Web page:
SAVE YOURSELVES! is the latest film from writer/director duo Alex H. Fischer & Eleanor Wilson which centers around a couple who go off the grid at the same time a pouff invasion takes place. The film stars Sunita Mani (“GLOW”, Evil Eye), John Paul Reynolds (“Stranger Things”), Ben Sinclair (“High Maintenance”), and John Early (“Search Party”).
To best describe the plot of the film, I’ll turn to the official synopsis: “Jack (John Paul Reynolds) and Su (Sunita Mani) are a hip Brooklyn couple who, like many of their friends, find themselves dependent on technology and unable to put down their phones. Fearing their mindless scrolling may impact their connection with each other, they seize the chance to head to an isolated cabin in the woods, vowing to unplug from the outside world for a week. Sheltered from texts and push notifications, they are blissfully unaware that the planet is under attack. As strange events unfold, the couple must figure out a way back to civilization – or what’s left of it.”
It’s safe to say that out of all the films I’ve watched this year, SAVE YOURSELVES! remains my favorite horror/comedy of the year. It’s genuine in its depiction of relationship strife as well as how we, as a society, are becoming more and more dependent on electronics. Also add in a creature that is both adorable and deadly, a random baby rescue, and an entertaining yet impactful story, and you got yourself one of the best films of the year.
The film opens with our introduction to Su and Jack, a millennial couple that rely heavily on their electronic devices. One night they decide to go out for a friend’s engagement party and while there, they bump into their old friend Raph (Ben Sinclair). After striking up a conversation about his time off-grid in Nicaragua, they decide to take him up on his offer to stay at his remote cabin and become more in touch with their surroundings (and less with their phones). While getting used to the quiet, isolated location, as well as spending quality time together that, at times, is filled with tension, the couple is oblivious to the horrors taking place just outside their door. One day, they notice a piece of furniture, in the form of a pouf, that they could have sworn wasn’t there when they arrived. Shortly after a big fight erupts, Su checks her phone and learns that there are pouffes who have taken over New York as well as the rest of the world and they look suspiciously like the mysterious pouf inside their cabin. This leads the couple on a wild adventure where they must work together in order to survive the precarious situation they have found themselves in.
What makes this film so special are the performances from our two leads. Sunita Mani and John Paul Reynolds are charismatic and hilarious bringing forth a comedic element and charm to their respective characters. What I found to be so impressive about their performances was how natural their interactions with one another felt. The script calls for these characters to act like any of us would in a distressing situation such as this. Whether it’s by forming a last-minute game plan or grabbing the nearest item for protection, Sunita and John never bring their performance to an exaggerated crescendo of chaos but instead choose to ride that fine line between overwhelming fear and sturdy calmness.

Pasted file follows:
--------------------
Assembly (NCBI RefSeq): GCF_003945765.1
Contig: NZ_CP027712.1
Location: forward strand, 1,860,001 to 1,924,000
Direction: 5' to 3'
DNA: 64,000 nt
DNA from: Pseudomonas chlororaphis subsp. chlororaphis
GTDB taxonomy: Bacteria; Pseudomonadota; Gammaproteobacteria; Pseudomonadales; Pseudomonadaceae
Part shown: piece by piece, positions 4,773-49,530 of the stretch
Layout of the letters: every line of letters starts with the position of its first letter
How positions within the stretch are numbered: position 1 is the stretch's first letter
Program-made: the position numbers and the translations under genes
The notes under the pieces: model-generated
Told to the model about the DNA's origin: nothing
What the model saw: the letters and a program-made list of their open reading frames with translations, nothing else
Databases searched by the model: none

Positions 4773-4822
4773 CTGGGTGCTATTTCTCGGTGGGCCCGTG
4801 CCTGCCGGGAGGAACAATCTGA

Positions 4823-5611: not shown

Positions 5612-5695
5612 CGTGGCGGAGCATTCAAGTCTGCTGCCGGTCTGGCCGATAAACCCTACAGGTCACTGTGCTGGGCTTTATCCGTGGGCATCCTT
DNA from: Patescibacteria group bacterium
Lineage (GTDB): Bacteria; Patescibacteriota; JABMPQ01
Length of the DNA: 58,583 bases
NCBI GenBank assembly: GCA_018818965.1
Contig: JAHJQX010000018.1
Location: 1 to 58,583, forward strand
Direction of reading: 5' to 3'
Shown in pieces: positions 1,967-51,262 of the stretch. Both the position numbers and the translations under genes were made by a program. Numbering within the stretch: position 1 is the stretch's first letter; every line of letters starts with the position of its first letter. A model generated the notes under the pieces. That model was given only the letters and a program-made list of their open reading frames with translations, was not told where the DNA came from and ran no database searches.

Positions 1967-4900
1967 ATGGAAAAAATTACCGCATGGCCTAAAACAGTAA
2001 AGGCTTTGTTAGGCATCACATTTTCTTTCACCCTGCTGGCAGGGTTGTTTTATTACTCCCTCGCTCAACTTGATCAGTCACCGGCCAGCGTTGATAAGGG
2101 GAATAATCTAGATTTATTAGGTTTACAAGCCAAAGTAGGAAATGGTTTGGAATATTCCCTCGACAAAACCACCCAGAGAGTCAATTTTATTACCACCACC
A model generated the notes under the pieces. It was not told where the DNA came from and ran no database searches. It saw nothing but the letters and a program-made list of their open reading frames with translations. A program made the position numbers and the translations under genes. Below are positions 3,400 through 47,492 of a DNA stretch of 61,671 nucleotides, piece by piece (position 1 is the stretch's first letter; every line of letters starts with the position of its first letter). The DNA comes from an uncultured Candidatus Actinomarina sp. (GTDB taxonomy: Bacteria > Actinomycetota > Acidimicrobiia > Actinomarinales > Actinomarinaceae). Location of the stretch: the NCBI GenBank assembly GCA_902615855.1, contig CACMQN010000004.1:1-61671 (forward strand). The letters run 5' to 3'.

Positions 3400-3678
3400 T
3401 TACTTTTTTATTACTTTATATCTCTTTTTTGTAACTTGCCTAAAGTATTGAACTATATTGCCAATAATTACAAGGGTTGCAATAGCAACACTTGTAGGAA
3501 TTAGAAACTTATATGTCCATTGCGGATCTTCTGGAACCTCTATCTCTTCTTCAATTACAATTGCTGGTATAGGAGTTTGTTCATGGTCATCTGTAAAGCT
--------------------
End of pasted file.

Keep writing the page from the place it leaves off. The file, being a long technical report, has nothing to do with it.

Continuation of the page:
As for the presentation of the film, it’s rather straightforward, relying on the remote area of the cabin to dictate how the events unfold for our protagonist. Co-Directors Alex Huston Fischer and Eleanor Wilson never venture into over-the-top special effects, instead using them sparingly so that the audience is more focused on the story and performances at hand. Even when it came to the creature design, it was done in a simplistic fashion that will appeal to many of us who love creepy cute things. Most of the film takes place inside the confines of the house and its perimeter, though there is a scene that unfolds in the woods while they are attempting to escape that takes our couple on a psychedelic journey. The dizzying camera work and soft color palette really helped amplify this scene and set it apart from the rest of the film.
As entertaining as SAVE YOURSELVES! is, the importance of the themes isn’t lost on the viewer. We could talk all day about the effects of electronics on our mental health but I think it’s important to make note that we are living in a time where maybe it’s GOOD to be taking lots of breaks from it. There are even a few scenes that display how Su is trying to use advice from the internet to grow closer to Jack, instead of just communicating with him. I also think it was important that the film took the time to present an arc that focused on gender reversal roles. Though both characters have their moments in the spotlight, I think seeing Jack struggle with what his family defines as a “man” was really important, especially for men who are on the more sensitive side. There is no definition of what a man is supposed to be and I think the more that we see that in entertainment, the better it’ll be for everyone to accept.
Overall, SAVE YOURSELVES! is a movie that will make viewers laugh while also showcasing how we use electronics to hide from our own personal baggage. Fischer and Wilson expertly wrote a script that is relevant to most of everyone’s lives right now while still keeping the topic fresh and fun. With all the chaos going on in the world, this film really helped me escape it and I hope that it has the same effect on viewers who check it out. SAVE YOURSELVES! is now available on blank and blank.
SAVE YOURSELVES! is in theaters nationwide as well as on Digital.
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